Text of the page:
In this bash basics HakTip we’re turning exhaustively long commands into shell scripts with minimal effort.
Now a shell script is basically a set of commands written for your computers shell, or command line interface. If you’re running Windows this might be the PowerShell or the Microsoft-DOS command.com.
These aren’t compiled programs, for those look into more powerful languages like C or Perl, but for getting the job done quick sometimes a shell script is all you need.
In our example I’m using the BASH, or the Bourne-Again shell. It’s one of the more common shells you’ll find out there for Unix like operating systems, though to stave off angy emails I’ll give a shoutout here to the C shell.
Now last week we built a command using ping and date to give us nice timestamps for our ping replies. What I’d like to do now is turn that long string of commands into a nice looking script. To do so I’ll bring up the command in my shell and pop into an editor with the nifty keyboard shortcut CTRL+x, CTRL+e. This copies the current line into our editor of choice. Now this can also be done with the fc command but we’re going to come back to that powerful command another time.
We’ll need to prepend our command with a shebang. A shebang, or sometimes called a hashbang, is sequence that specifies which interpreter to use when executing the script. The “she” — supposedly short for “sharp” or “hash” is a # pound sign while the “bang” is a ! dollar sign. This will be followed by the path to our interpreter. Since we’re using bash that’ll be /bin/sh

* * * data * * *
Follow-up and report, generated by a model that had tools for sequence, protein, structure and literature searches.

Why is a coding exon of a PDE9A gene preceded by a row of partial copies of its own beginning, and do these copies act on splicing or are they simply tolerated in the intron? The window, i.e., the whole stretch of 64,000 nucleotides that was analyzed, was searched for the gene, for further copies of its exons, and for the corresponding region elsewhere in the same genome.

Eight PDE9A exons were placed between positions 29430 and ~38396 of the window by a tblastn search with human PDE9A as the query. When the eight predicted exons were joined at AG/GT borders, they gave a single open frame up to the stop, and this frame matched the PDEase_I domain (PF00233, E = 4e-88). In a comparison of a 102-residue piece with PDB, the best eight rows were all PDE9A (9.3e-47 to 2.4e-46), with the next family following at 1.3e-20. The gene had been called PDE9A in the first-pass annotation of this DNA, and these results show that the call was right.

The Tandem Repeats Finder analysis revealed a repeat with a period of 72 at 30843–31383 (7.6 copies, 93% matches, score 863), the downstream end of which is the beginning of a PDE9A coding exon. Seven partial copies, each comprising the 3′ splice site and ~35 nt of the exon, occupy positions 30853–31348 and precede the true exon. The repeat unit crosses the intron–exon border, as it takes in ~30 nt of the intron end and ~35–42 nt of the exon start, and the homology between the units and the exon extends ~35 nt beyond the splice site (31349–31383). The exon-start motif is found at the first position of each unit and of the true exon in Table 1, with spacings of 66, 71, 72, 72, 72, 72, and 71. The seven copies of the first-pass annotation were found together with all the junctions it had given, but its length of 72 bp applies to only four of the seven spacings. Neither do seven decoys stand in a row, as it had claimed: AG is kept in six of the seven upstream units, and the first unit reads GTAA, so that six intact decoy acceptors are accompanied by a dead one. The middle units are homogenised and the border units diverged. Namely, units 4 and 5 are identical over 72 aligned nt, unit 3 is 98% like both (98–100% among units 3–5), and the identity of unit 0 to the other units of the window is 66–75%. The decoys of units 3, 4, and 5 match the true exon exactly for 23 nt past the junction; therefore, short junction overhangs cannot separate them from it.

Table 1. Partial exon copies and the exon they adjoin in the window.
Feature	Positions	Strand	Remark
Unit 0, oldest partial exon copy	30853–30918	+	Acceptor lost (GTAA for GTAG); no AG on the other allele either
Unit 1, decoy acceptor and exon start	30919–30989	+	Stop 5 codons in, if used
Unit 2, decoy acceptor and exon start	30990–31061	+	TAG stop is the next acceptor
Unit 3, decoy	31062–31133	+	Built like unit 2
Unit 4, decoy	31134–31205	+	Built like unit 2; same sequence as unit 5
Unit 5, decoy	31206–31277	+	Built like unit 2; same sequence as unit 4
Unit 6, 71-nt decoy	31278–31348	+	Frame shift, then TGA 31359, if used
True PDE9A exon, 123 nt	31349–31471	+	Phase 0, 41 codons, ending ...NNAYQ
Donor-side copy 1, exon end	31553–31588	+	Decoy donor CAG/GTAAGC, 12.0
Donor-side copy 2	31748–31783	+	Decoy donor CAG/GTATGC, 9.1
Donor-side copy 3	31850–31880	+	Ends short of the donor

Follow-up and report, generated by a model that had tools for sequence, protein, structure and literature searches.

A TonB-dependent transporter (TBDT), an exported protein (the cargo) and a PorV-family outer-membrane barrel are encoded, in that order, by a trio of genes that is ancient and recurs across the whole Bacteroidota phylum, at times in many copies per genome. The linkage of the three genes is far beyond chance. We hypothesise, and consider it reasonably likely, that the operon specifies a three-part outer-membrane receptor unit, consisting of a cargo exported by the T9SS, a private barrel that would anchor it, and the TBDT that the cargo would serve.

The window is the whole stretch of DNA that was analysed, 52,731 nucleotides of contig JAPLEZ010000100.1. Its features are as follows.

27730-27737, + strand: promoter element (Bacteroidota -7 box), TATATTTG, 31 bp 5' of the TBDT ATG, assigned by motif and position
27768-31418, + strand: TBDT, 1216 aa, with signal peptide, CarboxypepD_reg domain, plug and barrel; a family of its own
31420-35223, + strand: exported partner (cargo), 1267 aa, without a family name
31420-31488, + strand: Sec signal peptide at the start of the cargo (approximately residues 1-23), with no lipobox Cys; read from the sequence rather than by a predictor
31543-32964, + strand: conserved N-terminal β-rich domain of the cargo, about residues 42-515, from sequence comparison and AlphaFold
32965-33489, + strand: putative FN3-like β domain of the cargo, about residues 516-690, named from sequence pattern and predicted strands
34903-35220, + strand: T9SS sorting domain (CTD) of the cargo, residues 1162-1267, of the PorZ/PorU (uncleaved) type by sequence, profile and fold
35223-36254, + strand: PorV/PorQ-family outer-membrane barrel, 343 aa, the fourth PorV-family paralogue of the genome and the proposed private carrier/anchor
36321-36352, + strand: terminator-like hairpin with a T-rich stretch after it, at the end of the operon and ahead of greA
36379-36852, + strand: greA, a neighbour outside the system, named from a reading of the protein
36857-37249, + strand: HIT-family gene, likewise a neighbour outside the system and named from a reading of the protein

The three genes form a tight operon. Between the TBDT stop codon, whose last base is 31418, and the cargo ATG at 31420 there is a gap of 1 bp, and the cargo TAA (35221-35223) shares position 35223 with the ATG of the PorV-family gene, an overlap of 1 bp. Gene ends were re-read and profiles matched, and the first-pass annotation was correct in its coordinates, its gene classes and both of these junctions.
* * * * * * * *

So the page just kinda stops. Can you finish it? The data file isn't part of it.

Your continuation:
So our first line is now #!/bin/sh
From here we can pretty up our script, if we want, by replacing the semicolons ; with carriage returns. Here in nano we’ll write this to a file with CTRL+o and give it a name of dateping.sh in our /root/ directory.
Now that our files has been saved we can quit the nano editor with CTRL+x. Our script will begin executing, which is nice, but for this example we want to run it from our newly created file so stop the ping with CTRL+c.
Navigating to my home directory with cd and looking for the .sh file with ls -l *.sh I find that our file isn’t executable. I can tell because I don’t see an “x” in the files permissions in the directory listing. It’s also quite obvious with this shell because it wasn’t displayed in green.
To make the file executable we’ll use the chmod command to change the file mode. We could spend all day on the different numeric representation of file modes in regards to the user, group and everything else but since we simply want to make it executable for ourselves we’ll use the + plus operator along with the x execute mode.
If we issue chmod +x file.sh and reissue ls -l *.sh we can verify that the file is now executable.
And finally with our file all ready to go it’s just a matter of invoking it with the complete path and filename. Since the file is located in our current working directory we can use the path shortcut . dot, followed by a slash / and the filename. Hit enter, Bob’s your uncle, Robert’s your mother’s brother and there you have it.
So that leads me to ask, what programs, commands or scripts are rocking your world? Hit us up — firstname.lastname@example.org, or simply leave a comment below.
And be sure to check out our sister show, Hak5 for more great stuff just like this.
Episode Keywords (Comma separated): shell, script, bash, terminal, tcsh, Unix, Linux, ping, permissions, chmod,